Mr. Bishop had a lot of good company. PBS had a panoramic shot showing four placards, with black text on white backgrounds, resting on easels behind Mr. Bishop. Each placard had one word on it, and they read SHALL and NOT and BE and INFRINGED.

Moreover Mr. Bishop could not have picked a better case to illustrate the Democrats’ defiant attitude. Recall that in his opinion in Dobbs v. Jackson Women’s Health Organization, Justice Sam Alito specifically cited the Brown case.

The very text of H.R. 1808 states the defiant attitude of the House Democratic Conference.


To regulate assault weapons, to ensure that the right to keep and bear arms is not unlimited, and for other purposes.

Sadly, the Judiciary Committee reported the bill out at the end of the session, 25 to 18.

The real meaning of the Second Amendment

As usual, detractors of the Second Amendment speak of a particular ideal of what they call “civilization.” Whenever they discuss their ideals in detail, they always end up sounding a variation on a common theme. That theme is that, in a “civilized” society, no person, except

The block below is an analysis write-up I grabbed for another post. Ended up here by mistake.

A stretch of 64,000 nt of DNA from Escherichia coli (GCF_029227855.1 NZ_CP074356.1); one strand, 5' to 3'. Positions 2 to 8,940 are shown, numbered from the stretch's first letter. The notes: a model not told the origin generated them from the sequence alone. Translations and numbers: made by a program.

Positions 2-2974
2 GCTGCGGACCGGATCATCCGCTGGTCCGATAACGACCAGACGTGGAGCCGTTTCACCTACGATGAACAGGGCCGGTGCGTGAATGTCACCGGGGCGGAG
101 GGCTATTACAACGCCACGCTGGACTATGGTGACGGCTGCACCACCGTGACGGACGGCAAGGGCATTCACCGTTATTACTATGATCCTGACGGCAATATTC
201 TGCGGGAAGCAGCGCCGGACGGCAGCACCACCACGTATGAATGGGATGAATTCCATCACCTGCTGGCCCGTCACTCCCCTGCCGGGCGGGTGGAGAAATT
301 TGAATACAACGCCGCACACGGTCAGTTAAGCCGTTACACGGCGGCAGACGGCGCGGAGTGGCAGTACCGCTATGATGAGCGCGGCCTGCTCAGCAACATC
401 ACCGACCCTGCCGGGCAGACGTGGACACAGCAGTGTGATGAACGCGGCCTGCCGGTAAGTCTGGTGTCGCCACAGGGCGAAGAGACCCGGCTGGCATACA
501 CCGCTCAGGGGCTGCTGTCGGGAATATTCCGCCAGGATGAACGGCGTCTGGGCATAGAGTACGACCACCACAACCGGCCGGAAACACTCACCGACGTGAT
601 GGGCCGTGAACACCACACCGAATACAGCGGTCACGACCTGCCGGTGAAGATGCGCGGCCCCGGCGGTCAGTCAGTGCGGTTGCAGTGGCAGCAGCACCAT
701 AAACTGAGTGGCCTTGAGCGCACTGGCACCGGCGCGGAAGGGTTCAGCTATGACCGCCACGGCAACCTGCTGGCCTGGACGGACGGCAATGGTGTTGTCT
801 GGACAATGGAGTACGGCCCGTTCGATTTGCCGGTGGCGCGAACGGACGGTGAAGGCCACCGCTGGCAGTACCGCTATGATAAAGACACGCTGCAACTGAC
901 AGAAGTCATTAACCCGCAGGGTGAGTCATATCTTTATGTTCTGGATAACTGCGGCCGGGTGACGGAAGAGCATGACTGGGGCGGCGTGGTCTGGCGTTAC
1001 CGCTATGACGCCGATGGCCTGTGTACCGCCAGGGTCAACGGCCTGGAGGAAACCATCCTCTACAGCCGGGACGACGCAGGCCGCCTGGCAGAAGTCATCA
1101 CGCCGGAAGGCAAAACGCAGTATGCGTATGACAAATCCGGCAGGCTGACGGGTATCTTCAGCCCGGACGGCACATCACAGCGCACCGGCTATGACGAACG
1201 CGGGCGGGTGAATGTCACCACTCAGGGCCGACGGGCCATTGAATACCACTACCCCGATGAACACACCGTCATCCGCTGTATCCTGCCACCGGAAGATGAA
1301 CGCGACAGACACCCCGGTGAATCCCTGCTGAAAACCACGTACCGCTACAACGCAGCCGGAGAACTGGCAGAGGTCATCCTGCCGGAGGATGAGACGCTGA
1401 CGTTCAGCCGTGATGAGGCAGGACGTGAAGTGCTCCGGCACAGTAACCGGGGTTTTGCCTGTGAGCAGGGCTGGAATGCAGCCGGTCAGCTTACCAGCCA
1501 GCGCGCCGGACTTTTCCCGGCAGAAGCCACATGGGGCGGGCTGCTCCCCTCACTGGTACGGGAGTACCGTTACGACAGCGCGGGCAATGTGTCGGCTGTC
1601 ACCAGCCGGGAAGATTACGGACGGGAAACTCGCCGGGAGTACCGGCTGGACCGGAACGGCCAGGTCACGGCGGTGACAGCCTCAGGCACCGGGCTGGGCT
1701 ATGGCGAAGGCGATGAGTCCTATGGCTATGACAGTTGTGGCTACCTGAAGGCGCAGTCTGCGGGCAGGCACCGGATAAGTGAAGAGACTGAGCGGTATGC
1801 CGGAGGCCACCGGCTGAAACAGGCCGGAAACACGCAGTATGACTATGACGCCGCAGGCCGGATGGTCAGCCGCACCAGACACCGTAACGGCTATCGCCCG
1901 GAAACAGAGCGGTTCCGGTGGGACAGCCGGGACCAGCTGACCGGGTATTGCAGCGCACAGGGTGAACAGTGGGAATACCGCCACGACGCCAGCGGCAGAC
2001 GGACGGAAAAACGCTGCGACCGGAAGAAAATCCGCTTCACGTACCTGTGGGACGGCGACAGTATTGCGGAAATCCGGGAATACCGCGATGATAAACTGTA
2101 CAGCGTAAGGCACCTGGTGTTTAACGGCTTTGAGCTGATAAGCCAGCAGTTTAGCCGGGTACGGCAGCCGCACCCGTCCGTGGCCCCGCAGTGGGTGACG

• A law-enforcement officer,
  • An active-duty military service member,
  • A Very Important Person (usually an “Especially Needy Target”), or
  • The bodyguard of such person,

should own, carry, or so much as touch, much less discharge, a firearm.

Recall that Michael Moore carried the matter further. Even LEOs and active-duty military would be subject to summary dismissal for disagreeing with him.

Everything else that any of them say about “common sense,” is so much “obfuscation,” to paraphrase Rep. Bishop.

In fact, gun-control legislation is all about, to paraphrase Benjamin Franklin,

sacrific[ing] essential liberty in order to purchase a little temporary safety.

In the particular context in which he wrote those words, Franklin encouraged people to arm themselves to meet any threat they faced. To understand the Second Amendment in that context, is to recognize the right and duty of self-defense. Franklin criticized those who were begging for more military deployment at the frontier. Instead he urged them to arm themselves. That precedent alone tells us that a free citizen has the right to arm himself at least as well as, if not better than, an infantry soldier.

Practical rejoinders

So to Chairman Nadler: your point is that the firearms in common use today present a problem. CNAV disputes that and doesn’t see it as a problem. You are the problem. You swore an oath